Using data from the 1992 Scottish and British Election Surveys, the authors examine various models which might explain the changes in the level and type of Scottish National Party voting. In the analysis they are also concerned with voters for other parties who support the central SNP policy: independence for Scotland. The protest, relative deprivation, identity, and new social movement models are stated and explored. The authors conclude that a major problem for the SNP is that the basic Scottish identity, to which the Nationalists want to appeal, is felt almost as strongly by Labour voters as by those who choose the SNP. The SNP has not been able to establish a reputation as a credible party of government which could take over the role of the spokesperson for the national community. At the same time, it is not likely to disappear as the major challenger in Scottish politics.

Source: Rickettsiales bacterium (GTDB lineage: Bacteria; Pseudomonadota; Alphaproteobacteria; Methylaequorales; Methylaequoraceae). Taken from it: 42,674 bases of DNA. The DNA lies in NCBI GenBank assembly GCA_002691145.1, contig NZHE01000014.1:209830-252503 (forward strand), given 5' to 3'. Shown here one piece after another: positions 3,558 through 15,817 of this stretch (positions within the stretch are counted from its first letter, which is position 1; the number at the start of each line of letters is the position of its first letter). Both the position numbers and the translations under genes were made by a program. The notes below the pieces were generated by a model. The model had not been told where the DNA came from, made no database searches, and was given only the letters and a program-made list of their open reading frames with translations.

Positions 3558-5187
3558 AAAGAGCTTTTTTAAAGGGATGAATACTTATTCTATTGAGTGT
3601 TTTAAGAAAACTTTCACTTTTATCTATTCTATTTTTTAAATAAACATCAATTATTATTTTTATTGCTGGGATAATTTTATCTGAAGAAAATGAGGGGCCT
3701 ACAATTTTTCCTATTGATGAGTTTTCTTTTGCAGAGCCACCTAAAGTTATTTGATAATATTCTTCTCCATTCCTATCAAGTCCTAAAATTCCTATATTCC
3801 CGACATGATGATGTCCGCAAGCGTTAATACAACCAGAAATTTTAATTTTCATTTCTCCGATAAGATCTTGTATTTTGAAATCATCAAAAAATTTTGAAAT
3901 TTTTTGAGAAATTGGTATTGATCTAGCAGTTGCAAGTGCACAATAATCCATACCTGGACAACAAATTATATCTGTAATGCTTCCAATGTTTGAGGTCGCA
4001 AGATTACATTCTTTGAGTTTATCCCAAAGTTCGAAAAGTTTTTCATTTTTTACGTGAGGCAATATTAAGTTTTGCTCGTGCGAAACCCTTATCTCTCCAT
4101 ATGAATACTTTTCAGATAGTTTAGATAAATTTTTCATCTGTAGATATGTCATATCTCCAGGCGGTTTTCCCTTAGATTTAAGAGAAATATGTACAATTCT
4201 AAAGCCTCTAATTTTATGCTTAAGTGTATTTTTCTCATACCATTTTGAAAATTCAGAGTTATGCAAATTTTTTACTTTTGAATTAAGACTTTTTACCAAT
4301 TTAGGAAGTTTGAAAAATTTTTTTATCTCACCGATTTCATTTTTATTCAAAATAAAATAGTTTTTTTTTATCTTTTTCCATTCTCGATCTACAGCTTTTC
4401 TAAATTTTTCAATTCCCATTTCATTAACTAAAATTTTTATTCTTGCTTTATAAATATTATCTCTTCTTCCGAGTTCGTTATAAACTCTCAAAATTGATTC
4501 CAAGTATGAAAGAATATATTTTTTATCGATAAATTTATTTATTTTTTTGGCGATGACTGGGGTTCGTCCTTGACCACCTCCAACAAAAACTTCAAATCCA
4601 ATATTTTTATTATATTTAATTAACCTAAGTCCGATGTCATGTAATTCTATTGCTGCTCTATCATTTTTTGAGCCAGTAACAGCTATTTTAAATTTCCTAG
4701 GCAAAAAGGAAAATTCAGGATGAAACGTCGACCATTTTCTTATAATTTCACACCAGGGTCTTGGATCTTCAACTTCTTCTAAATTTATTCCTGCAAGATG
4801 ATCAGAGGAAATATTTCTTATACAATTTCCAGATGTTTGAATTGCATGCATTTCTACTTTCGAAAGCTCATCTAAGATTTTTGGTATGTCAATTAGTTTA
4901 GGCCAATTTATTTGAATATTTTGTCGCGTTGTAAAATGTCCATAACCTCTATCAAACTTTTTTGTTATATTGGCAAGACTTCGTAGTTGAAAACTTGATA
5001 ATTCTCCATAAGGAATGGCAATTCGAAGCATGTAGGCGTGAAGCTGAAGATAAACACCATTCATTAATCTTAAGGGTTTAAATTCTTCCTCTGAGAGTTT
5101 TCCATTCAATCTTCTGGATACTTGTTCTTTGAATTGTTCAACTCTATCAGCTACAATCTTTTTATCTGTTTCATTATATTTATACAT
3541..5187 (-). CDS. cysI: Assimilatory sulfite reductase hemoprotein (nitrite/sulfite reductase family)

|Number of pages||13|
|Publication status||Published - Dec 1994|
- Scottish National Party
- Scottish identity
Mitchell, J., Surridge, P., & Brand, J. (1994). Social constituency and ideological profile: Scottish nationalism in the 1990s. Political Studies, 42(4), 616-629. https://doi.org/10.1111/j.1467-9248.1994.tb00301.x